To reverse the rounding of the spine and open the front of the chest, lie on your back with a towel roll from (right to left, not up and down) or a soft ball behind your midback and your hands behind your head. Have your gaze up and behind you towards the molding on the ceiling and not rounded forward.  First, lengthen your spine back to the floor keeping your gaze backward to stretch open your chest and allow the vertebrae to open in the front. Then, lift your arms and head to neutral.  The neck is not moving and stays lengthened.  This counteracts the forward motion we do all day.  You can then move the towel or ball to a different place in the midback to impact another vertebra.


One rule:  you must have an intensity that brings you to fatigue between 8-10 repetitions.  If you can accomplish 15 reps, it is not high-intensity exercise to have an effect on your bones.  If you cannot do 8 reps, then the weight is too heavy for you.

To strengthen the upper back, you lie on your stomach, put a pillow underneath you to protect your rib cage.  Place your forehead on top of your hands, keep your pubic bone on the floor to protect your low back, and lift your head, hands, and elbows off the floor, keeping your eyes on your thumb to keep your neck long.  Strengthening your back muscles will also strengthen your vertebrae.  You can increase the intensity over time by lifting higher off the floor.

To strengthen both the spine and the hip, Dr. Betz recommends the deadlift, which was described above.  Once you can safely lift a 30-40 pound box, keeping the spine in alignment, you can graduate to a barbell.

Two other favorites of Dr. Betz are single-leg stands and lunges using a dowel, 48 inches long, with rubber tips on the ends for safety.  You can use a broomstick as an inexpensive option.


Keeping the feet together, hold the dowel on the floor beside you with one hand, and rise up on your toes.  Then, see if you can do this without the support of the dowel.  Once you can do this 15 times, put the dowel down and try one leg at a time, keeping your alignment.  Then you can repeat holding a light weight in each hand. Household items, like soup cans or bags of rice, can be used.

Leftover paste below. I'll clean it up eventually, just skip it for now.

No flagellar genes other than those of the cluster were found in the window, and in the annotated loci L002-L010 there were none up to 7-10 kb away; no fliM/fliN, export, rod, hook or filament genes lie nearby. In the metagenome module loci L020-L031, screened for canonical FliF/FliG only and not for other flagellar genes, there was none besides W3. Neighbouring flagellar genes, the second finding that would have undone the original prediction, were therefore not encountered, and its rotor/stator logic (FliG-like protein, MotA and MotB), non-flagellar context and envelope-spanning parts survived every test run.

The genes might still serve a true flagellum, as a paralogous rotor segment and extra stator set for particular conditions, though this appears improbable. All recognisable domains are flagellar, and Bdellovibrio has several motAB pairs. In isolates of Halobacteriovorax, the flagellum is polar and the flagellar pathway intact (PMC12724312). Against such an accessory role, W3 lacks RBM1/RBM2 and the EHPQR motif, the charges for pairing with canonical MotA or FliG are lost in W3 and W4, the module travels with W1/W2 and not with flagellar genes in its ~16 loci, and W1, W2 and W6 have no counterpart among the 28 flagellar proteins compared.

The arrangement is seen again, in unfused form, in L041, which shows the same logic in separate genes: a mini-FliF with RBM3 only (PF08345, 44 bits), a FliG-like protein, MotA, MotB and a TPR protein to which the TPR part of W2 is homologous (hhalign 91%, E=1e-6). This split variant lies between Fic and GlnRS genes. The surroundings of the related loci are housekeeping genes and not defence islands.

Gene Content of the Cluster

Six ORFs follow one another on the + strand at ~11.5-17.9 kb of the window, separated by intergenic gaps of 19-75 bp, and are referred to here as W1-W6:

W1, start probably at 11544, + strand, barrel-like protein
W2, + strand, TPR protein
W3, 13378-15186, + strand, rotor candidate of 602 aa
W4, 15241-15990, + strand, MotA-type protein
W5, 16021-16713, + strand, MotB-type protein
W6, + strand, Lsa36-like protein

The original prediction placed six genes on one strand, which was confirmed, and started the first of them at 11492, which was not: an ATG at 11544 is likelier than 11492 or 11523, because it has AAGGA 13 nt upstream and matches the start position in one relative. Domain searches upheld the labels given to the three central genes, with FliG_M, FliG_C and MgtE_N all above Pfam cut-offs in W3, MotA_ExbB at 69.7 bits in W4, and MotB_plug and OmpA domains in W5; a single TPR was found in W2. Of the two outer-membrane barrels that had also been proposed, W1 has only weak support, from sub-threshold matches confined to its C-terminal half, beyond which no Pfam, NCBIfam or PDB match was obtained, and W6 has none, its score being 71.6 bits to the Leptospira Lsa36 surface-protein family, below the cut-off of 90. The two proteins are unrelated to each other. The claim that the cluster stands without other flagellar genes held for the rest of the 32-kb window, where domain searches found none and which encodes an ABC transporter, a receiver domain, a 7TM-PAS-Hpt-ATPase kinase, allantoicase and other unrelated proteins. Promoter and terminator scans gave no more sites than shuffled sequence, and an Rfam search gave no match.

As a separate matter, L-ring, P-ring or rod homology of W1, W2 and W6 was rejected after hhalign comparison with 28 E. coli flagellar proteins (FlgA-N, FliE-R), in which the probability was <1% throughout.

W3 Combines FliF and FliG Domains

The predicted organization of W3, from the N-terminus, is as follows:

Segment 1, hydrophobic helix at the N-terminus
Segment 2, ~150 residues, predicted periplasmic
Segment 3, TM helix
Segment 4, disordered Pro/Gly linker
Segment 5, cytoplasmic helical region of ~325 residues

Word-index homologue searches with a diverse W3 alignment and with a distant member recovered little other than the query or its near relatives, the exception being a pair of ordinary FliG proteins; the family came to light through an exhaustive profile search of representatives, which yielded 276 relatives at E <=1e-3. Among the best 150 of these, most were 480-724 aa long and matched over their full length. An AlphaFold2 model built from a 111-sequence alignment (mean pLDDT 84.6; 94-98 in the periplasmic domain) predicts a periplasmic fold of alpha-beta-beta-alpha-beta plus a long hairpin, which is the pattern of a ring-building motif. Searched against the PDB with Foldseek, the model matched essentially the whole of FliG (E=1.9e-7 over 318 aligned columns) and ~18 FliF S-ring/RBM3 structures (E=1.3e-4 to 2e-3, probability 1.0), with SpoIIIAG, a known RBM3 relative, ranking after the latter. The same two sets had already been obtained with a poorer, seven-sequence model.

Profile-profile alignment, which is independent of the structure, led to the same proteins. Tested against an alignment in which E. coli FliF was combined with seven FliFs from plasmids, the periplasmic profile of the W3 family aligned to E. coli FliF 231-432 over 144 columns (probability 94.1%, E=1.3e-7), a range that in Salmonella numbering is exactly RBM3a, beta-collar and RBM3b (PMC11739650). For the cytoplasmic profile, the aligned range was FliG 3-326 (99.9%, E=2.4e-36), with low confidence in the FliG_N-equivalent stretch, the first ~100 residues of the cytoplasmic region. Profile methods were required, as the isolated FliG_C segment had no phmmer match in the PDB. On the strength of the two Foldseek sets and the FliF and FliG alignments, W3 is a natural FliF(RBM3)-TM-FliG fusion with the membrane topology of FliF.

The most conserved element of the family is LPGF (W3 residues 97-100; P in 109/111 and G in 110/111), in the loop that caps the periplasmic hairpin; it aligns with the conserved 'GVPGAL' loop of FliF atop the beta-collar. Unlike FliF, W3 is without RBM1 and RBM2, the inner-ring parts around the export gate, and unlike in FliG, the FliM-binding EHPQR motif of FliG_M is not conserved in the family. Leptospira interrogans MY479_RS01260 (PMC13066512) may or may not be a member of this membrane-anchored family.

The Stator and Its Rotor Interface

Stand with your feet about 36” apart. Using the dowel for support on the side of the front leg, raise the heel of your back foot, which stretches the front of the hip.  Then bend both knees and go up and down with good alignment.  Once you can do this 10-15 times, repeat without the dowel and progress to holding weights in your hands.  This is a good exercise as a warm-up before taking a walk.

If you want to check your alignment while doing the above exercise, you can stand in a doorway and slide your back up and down the doorframe.  This is also helpful for people with knee problems.

Never increase your weight by more than 2 pounds at a time.

RECAP OF Dr. BETZ’S 5 Favorite exercises

  1. The deadlift
  2. Heel raises
  3. Long-stride lunge progression
  4. Back extension over the ball
  5. Back extension on the stomach, raising the trunk off the floor.


Many people are concerned about wrist fractures.  Dr. Betz does not believe that you need to specifically strengthen bone in the wrist, but you need to keep the wrist in neutral alignment when doing any other exercise for the upper body.

People with wrist pain should not avoid weight-bearing exercise that puts pressure on the wrist as it is important for shoulder and upper body strengthening.  You can modify weight-bearing on the arms by shifting your bodyweight a bit back, so it is not directly over the wrist, or make a fist by holding a five-pound dumbbell, or bending your elbows.

In conclusion, Dr. Betz emphasized that a good physical therapist will evaluate how a person moves to inform them what is causing someone’s pain or dysfunction.  The results of X-rays or scans are not necessary and this can be done in-person or through telehealth.  In addition, a therapist should stay with someone for their entire session and provide, education, treatment, exercise, instruction, alignment, and feedback.  Every consumer should demand this.

The American Physical Therapy Association and the Academy of Geriatric Physical Therapy have worked over five years to create guidelines on the best exercises for changing bone in our bodies and how to evaluate patients with osteoporosis. Both of those papers should be published by early 2022.


My solution for creating new habits:

Start small, do it in community, and/or have an accountability partner!